U.S. home sales fell more than expected in July, to their lowest level in six years, due to a rise in mortgage rates and a surge in housing prices, forcing prospective homebuyers out of the market, according to July data from the U.S. Census Bureau.
New single-family home purchases dropped 12.6 percent, to a seasonally adjusted annual rate of 511,000 units, for the sixth consecutive month of declines.
This is below the revised June rate of 585,000, as new home sales are down 29.6 percent below the July 2021 estimate of 726,000.
Despite the slowdown in the housing market, the cost of new homes continued to rise in July, with median prices jumping nearly 9 percent in July from June, to $439,400, while the average sales price was $546,800.
The “drop in new-home sales represents a significant pullback in buyer demand, especially since slowdowns of this magnitude have historically preceded major economic recessions,” said George Ratiu, a Realtor.com® senior economist.
“With the median price of a new home still near this year’s historical high and mortgage rates pushing the cost of borrowing much higher, buyers are finding they hit a financial affordability ceiling.”
Combined with high home prices, the rapid rise in borrowing costs has pushed many new homebuyers out of the market.
Many high-end properties are still available for buyers with cash, but properties lower down the market, which are popular with first-time homebuyers, are becoming more difficult to acquire.
The seasonally adjusted estimate of new houses for sale at the end of July, meanwhile, was 464,000, representing a supply of 10.9 months at the current sales rate.
The collapse of the home sales market, which has been termed by the National Association of Realtors (NAR) as a “housing recession,” is the result of the Federal Reserve hiking interest rates to their highest level in decades in order to bring extremely high inflation under control.
This has led the housing market to rapidly cool down after the central bank’s recent policies led to five months of rising mortgage rates.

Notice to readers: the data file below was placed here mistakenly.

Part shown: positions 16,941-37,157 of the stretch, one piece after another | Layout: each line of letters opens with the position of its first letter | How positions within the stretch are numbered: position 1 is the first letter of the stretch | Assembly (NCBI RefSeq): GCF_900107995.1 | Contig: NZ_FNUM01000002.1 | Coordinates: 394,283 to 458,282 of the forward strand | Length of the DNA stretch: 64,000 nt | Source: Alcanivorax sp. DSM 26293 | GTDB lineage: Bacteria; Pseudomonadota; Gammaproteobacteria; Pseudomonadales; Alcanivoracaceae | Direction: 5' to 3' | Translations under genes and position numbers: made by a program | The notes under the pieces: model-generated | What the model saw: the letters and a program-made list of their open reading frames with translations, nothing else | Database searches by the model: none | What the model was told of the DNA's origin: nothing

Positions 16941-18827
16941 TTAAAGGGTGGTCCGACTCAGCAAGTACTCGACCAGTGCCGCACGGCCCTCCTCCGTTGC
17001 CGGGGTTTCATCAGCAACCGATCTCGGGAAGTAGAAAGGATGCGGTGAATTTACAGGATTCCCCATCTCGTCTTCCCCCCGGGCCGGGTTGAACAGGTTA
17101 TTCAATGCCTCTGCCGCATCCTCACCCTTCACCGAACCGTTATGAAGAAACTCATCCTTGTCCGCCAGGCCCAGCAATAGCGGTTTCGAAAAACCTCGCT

“5 straight months of 5%+ mortgage rates taking its toll on housing,” wrote Rick Palacios Jr., director of research, John Burns Real Estate Consulting, in a tweet.
Fed Policy Pains Housing Market
Fed policymakers changed their longstanding interest policy in March, with two consecutive hikes of 75 basis points in June and July.
Following the series of rate hikes, the average rate on a 30-year fixed mortgage, the most popular among new homebuyers, climbed to nearly 6 percent in June, but has since moderated, falling to 5.13 percent for the week ended Aug. 18, according to recent data from mortgage lender Freddie Mac.
However, this is significantly higher from a year ago, when 30-year mortgage rates stood at 2.86 percent.
There is some confirmation that the Fed will implement another massive hike in September, which will inflict only further pain on the market.
Mortgage rates moved higher at the start of this week, as the stock market sold off on renewed fears of a recession.
The Fed is holding its annual summer policy symposium in Jackson Hole, Wyoming, on Aug. 26, where the central bank’s chairman, Jerome Powell, is expected to clarify the interest rate posture going forward after weeks of confusion from investors.
About 63,000 home-purchase agreements had been called off in July, equal to 16 percent of homes that went into contract that month, hitting a two-year high as buyers fled the market, according to Redfin last week.
Rising rates have also led the rate of mortgage delinquencies to jump last month, as many homeowners have become increasingly unable to pay off the their loans.
“The national delinquency rate edged up to 2.89 percent in July—driven by a 4 percent increase in early-stage delinquencies—but remains just 14 basis points higher than the record low set in May of this year,” according to Black Knight’s preliminary July report.
Meanwhile, mortgage applications at the end of last week fell 1.2 percent from the week before, continuing the series of declines, according to the Mortgage Bankers Association.
Application volume was 21 percent lower than the same week a year ago.
“Mortgage applications continued to remain at a 22-year low, held down by significantly reduced refinancing demand and weak home purchase activity,” said Joel Kan, MBA’s associate vice president of economic and industry forecasting.
A housing recession historically has had ripple effects throughout the economy and raises the stakes for a broader recession for 2023 or later.